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Germán Márquez puts in the work and gets the results

Walks were up, strikeouts were down. But Márquez still had one of his best seasons

Welcome to the 2020 edition of Ranking the Rockies, where we take a look back at every player to log playing time for the Rockies in 2020. The purpose of this list is to provide a snapshot of the player in context. The “Ranking” is an organizing principle that’s drawn from Baseball Reference’s WAR (rWAR). It’s not something the staff debated. We’ll begin with the player with the lowest rWAR and end up with the player with the highest.

★ ★ ★

No. 4, Germán Márquez: 1.7 rWAR

Last year Germán Márquez went into the season on a newly minted five year, $43 million deal and pitched his heart out. At the time he went on the IL for the rest of the season, he had made the most starts in baseball. In a pandemic-shortened season, he again led all of baseball with 13 games started. He led the National League in innings pitched and faced more hitters than anyone else in baseball. The man went out to earn his money.

There’s no question that Germán has earned his money the past two years by a volume perspective. How we evaluate his performance is a matter of perspective. From 2018 to 2019, Márquez’s strikeout rate went down (10.56 to 9.06 K/9) but so did his walk rate (2.62 to 1.81 BB/9). His inflated ERA reflects a certain amount of bad luck: a career high home run rate (1.50 HR/9) and career low strand rate. All in all, Márquez had a rougher year than in the past, but still performed well enough to post a 91 ERA-, solidly better than league average, but not quite up to

So how was 2020 different for Germán (other than the obvious)? Well, his strikeout rate was the lowest and his walk rate was the highest of his career. So naturally he posted the lowest ERA of his career and best ERA- of his career. The answer to this enigma is contact.

Germán Márquez

Stat G IP ERA WHIP K/9 BB/9 GB% Barrel % HR/FB% ERA-
Stat G IP ERA WHIP K/9 BB/9 GB% Barrel % HR/FB% ERA-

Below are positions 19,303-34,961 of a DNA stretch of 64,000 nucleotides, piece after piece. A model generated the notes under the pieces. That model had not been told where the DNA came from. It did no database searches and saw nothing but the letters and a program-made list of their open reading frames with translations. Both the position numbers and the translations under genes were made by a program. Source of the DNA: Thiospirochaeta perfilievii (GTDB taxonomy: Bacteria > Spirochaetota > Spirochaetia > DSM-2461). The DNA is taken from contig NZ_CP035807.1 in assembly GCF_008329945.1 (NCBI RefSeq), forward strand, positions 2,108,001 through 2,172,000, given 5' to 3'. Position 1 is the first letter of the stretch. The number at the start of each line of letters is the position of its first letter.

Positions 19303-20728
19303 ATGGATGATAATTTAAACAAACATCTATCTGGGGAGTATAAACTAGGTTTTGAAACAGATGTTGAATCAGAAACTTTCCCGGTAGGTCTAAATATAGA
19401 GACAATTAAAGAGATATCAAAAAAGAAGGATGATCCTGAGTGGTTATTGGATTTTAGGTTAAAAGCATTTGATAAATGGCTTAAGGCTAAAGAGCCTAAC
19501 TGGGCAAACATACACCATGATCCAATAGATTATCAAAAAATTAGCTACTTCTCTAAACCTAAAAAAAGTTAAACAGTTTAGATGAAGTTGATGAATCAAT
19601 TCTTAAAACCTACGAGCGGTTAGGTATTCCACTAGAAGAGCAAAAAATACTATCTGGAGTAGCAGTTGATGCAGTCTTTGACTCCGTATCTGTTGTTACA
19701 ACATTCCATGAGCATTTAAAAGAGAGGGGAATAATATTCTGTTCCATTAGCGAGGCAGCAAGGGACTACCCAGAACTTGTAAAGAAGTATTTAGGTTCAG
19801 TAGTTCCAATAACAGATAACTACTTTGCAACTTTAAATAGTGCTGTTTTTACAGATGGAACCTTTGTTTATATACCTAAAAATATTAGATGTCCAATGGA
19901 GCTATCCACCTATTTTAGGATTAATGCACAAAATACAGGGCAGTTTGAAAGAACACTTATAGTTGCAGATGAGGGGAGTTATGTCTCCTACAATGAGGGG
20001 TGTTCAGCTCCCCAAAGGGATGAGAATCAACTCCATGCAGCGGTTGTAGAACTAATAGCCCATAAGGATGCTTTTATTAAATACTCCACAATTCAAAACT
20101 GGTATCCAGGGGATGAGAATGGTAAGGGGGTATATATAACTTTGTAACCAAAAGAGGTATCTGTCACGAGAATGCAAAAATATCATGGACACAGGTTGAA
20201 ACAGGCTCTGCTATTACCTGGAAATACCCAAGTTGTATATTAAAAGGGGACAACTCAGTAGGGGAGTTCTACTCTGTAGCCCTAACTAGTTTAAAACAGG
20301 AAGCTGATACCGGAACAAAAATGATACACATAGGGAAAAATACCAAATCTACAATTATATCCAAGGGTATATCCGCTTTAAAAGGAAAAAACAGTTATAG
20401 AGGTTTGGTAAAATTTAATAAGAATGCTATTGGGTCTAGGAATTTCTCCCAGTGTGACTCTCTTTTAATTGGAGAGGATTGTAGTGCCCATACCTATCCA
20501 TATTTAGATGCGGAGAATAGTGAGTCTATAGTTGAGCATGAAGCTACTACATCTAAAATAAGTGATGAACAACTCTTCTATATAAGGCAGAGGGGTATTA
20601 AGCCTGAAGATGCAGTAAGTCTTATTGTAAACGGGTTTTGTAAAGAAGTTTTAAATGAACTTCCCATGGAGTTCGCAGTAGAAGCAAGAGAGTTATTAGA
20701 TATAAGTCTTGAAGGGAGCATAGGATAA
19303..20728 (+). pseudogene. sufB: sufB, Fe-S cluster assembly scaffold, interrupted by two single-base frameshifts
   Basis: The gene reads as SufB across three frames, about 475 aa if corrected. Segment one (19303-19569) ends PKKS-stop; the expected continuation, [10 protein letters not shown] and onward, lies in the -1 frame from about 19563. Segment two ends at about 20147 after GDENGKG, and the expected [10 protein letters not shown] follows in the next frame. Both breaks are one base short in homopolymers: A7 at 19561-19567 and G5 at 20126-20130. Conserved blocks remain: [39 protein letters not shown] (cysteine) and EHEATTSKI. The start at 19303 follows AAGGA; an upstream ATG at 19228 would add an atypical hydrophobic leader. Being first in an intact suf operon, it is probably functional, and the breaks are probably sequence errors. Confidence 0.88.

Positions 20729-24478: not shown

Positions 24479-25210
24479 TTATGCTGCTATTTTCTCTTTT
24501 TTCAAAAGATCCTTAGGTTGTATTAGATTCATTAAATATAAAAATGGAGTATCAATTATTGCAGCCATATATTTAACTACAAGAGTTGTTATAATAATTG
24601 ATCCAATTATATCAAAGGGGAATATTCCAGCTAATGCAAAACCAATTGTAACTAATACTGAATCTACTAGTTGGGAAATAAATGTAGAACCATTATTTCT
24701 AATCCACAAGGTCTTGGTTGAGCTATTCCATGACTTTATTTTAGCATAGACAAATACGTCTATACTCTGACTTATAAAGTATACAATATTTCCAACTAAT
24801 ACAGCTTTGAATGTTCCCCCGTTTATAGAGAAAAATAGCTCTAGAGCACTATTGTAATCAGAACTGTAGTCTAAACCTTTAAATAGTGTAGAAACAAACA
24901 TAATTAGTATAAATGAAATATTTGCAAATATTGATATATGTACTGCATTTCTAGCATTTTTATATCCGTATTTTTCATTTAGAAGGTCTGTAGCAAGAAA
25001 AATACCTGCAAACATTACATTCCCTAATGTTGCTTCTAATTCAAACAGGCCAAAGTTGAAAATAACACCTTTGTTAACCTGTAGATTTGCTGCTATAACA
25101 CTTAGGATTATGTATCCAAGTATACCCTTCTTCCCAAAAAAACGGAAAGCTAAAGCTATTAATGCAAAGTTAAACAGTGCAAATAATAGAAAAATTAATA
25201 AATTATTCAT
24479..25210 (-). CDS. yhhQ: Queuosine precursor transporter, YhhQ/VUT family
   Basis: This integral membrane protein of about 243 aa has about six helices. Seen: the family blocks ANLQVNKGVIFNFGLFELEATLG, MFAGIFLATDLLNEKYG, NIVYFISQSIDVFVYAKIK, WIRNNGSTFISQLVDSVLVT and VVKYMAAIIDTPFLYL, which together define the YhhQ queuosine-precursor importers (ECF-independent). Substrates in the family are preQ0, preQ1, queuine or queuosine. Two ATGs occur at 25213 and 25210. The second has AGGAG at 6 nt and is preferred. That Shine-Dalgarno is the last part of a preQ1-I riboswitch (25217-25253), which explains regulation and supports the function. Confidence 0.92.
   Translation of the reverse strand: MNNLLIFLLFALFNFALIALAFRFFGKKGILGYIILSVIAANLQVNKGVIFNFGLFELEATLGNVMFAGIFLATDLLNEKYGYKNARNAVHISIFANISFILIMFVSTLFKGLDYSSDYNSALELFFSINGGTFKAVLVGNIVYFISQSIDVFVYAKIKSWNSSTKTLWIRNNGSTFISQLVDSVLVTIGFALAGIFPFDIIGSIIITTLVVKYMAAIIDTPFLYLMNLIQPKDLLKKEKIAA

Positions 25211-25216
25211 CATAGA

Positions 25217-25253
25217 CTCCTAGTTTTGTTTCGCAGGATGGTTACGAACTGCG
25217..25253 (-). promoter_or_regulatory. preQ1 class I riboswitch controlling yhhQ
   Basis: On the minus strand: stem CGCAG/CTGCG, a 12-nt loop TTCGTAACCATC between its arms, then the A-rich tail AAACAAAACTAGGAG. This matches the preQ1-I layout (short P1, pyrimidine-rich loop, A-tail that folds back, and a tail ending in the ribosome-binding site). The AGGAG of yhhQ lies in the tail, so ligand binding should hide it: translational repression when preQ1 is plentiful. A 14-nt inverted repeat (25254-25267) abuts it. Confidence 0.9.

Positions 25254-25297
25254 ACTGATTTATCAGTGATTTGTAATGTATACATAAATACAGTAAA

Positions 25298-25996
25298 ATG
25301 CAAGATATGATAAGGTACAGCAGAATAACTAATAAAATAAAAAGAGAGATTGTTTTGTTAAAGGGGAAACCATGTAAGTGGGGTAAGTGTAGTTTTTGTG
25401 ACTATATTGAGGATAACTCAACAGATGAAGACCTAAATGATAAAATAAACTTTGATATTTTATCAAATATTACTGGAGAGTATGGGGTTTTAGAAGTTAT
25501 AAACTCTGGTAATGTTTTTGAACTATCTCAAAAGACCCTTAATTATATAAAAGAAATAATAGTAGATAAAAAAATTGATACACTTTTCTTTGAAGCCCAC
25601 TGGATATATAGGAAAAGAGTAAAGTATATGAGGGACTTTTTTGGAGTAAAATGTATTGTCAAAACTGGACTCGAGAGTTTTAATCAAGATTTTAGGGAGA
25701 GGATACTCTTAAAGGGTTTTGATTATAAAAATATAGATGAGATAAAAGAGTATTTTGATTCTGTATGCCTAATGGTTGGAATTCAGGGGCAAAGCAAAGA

2020 13 81.2 3.75 1.26 8.04 2.76 50.6% 4.9% 9.4% 73
Career Avg -- -- 4.24 1.27 9.08 2.44 47.9% 6.3% 16.1% 86
Stats courtesy Baseball Savant, FanGraphs

Germán has managed to raise his groundball rate each of his four full seasons, to the point where he now qualifies as a groundball pitcher by average launch angle (check out this excellent Baseball Savant Visualization Report to get a sense of what this means). But not only are his groundballs up, but his hard contact is down as well. Baseball Savants defines a “barrel” as a batted ball with the perfect combination of exit velocity and launch angle—essentially, exactly what a pitcher doesn’t want. Márquez was in the top quartile of MLB pitchers in limiting barrels (4.9%).

Combine the increased groundballs with the lack of quality contact and you get the big difference: a 9.4% home run per fly ball rate. Keeping the ball in the yard, you might suspect, is good for a pitcher. It’s especially good if you play half your games in Coors Field. That’s what leads to an ERA- of 73, which means he was 27% better than league average after you account for league and park.

The question becomes how much of this change is sustainable. 13 starts is still a small sample size, for all intents and purposes, so it’s hard to know if that level of limiting his contact can be sustained over a full season. Some of the improvements can be tracked to his pitch usage: he’s relying on his four-seamer less and less, so the weak contact looks to continue. But we’ll have to see what happens when the fatigue of a full season kicks in. One thing we can be sure of: Germán Márquez will keep putting in the work.